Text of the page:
The aim of this study was to analyze the anthropometric characteristics, training experience, body composition and biological maturity of Elite group gymnasts. 84 RG group gymnasts from the 2009 and 2010 World Cup were evaluated. Body Mass Index (BMI) was calculated using standard procedures. Relative body fat (%BF), fat mass and lean body mass were estimated from skinfold thickness, and waist/hip circumferences were measured. Biological maturity was determined by the age at menarche. An increase on the age of the gymnasts participating in high level competitions seems to affect the new body appearance profile. Gymnasts are taller and with higher body mass than in the past. BMI were at the normal range whatever the success in competition. The more successful gymnasts had lower values ​​of %BF but still higher than what have been reported in RG studies. A relation between the body composition data and the results has been not found. The higher level gymnasts had begun activity in RG earlier, and had more years of practice, and higher training volume. All gymnasts had a late menarche.We think that the initial selection of gymnasts who had late maturate can influence their body appearance when they become adults.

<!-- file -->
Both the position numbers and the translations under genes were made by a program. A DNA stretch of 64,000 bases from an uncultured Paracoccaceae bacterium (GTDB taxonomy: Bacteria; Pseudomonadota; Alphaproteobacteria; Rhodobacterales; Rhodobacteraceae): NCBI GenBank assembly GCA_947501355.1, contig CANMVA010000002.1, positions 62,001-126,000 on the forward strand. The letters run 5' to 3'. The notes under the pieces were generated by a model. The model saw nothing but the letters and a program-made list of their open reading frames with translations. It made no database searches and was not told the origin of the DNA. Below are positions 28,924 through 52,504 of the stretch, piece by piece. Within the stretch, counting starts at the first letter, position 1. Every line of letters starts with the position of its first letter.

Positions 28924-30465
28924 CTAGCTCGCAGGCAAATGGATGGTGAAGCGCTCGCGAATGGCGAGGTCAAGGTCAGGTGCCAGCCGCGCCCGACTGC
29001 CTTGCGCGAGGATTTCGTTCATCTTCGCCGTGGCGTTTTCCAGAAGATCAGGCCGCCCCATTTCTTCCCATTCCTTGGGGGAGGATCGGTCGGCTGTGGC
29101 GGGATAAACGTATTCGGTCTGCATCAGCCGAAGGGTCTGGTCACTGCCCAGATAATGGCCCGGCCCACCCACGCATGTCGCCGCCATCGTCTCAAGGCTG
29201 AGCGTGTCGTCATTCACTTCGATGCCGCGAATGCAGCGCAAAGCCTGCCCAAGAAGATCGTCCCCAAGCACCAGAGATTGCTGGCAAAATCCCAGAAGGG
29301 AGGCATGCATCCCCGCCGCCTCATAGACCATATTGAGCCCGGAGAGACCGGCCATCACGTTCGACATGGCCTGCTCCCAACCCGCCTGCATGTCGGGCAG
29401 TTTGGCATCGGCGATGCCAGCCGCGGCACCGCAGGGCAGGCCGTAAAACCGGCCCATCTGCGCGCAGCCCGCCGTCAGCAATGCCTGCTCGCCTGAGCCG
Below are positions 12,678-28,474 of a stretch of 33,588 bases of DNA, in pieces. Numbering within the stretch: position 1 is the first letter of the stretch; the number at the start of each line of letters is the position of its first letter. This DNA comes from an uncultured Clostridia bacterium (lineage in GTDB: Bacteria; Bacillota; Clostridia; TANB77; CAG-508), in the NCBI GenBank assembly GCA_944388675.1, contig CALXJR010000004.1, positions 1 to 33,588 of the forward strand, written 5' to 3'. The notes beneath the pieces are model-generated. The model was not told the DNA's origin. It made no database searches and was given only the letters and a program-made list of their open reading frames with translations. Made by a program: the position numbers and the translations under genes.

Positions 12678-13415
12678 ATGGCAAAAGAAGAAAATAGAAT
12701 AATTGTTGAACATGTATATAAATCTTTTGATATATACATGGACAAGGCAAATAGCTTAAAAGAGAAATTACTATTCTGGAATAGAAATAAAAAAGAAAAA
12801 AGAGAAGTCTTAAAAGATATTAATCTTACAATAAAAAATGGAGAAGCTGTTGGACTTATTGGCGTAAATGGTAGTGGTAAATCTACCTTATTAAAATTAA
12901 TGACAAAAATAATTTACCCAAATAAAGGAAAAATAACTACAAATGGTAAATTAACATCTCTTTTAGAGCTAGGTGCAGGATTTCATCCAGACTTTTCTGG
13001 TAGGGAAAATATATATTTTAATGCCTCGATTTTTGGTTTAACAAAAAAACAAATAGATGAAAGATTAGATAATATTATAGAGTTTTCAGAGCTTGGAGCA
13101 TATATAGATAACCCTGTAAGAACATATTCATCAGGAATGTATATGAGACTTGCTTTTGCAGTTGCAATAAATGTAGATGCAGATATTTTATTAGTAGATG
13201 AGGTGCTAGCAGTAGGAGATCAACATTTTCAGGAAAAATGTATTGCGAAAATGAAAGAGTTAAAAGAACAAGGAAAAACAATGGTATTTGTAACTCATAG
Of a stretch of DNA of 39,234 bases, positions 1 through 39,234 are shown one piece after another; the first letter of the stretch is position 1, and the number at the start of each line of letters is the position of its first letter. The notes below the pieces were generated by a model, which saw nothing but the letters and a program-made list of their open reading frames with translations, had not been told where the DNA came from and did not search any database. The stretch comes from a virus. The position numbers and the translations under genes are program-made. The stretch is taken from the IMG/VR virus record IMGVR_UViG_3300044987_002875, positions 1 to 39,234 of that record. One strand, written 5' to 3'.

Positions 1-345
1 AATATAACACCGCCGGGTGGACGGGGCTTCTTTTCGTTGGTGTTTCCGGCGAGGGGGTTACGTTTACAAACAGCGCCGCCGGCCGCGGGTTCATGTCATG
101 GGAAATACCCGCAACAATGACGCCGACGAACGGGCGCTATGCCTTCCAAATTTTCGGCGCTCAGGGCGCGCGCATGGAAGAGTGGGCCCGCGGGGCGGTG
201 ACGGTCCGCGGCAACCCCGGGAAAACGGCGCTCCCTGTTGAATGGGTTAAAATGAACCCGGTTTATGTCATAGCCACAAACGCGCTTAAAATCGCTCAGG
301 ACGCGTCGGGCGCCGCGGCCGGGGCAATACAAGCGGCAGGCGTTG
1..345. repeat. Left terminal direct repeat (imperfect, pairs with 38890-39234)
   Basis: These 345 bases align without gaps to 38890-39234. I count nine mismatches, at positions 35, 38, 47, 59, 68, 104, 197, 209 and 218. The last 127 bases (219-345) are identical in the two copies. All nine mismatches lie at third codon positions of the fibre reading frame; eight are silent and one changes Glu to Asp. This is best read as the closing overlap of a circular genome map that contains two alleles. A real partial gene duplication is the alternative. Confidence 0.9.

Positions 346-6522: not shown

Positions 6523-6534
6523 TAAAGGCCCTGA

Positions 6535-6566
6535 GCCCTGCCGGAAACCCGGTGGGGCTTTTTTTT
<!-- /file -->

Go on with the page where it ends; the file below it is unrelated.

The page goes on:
Whole article in pdf

Keywords: rhythmic gymnastics groups, body composition, profile, ranking.

Olivia Donti, Kalliopi Theodorakou, Spiros Kambiotis, Anstasia Donti

The purpose of this study was to examine self-esteem and trait anxiety in 161 girls, 10-12 years old, practising competitive and recreational gymnastics sports. To measure self-esteem and trait anxiety, the Greek versions of Harter’s Self-Perception Profile for Children (1985a) and of the State-Trait Anxiety for Children (STAIC; Spielberger, Edwards, Lushene, Montuori, & Platzek, 1973) were used respectively. A MANOVA and an independent samples t-test were performed in order to examine differences in self-esteem and trait anxiety between the two groups of gymnasts respectively. Results indicated that there was no significant difference between competitive and recreational gymnasts in self-esteem except for the subscales of scholastic competence, and social acceptance, which had lower values for the competitive girls. However, girls participating in competitive gymnastics sports had significantly higher values of trait anxiety compared to girls practising recreational gymnastics sports. Further research is required on the impact of competitive sport effect on gymnasts’ psychological parameters.

Whole article in pdf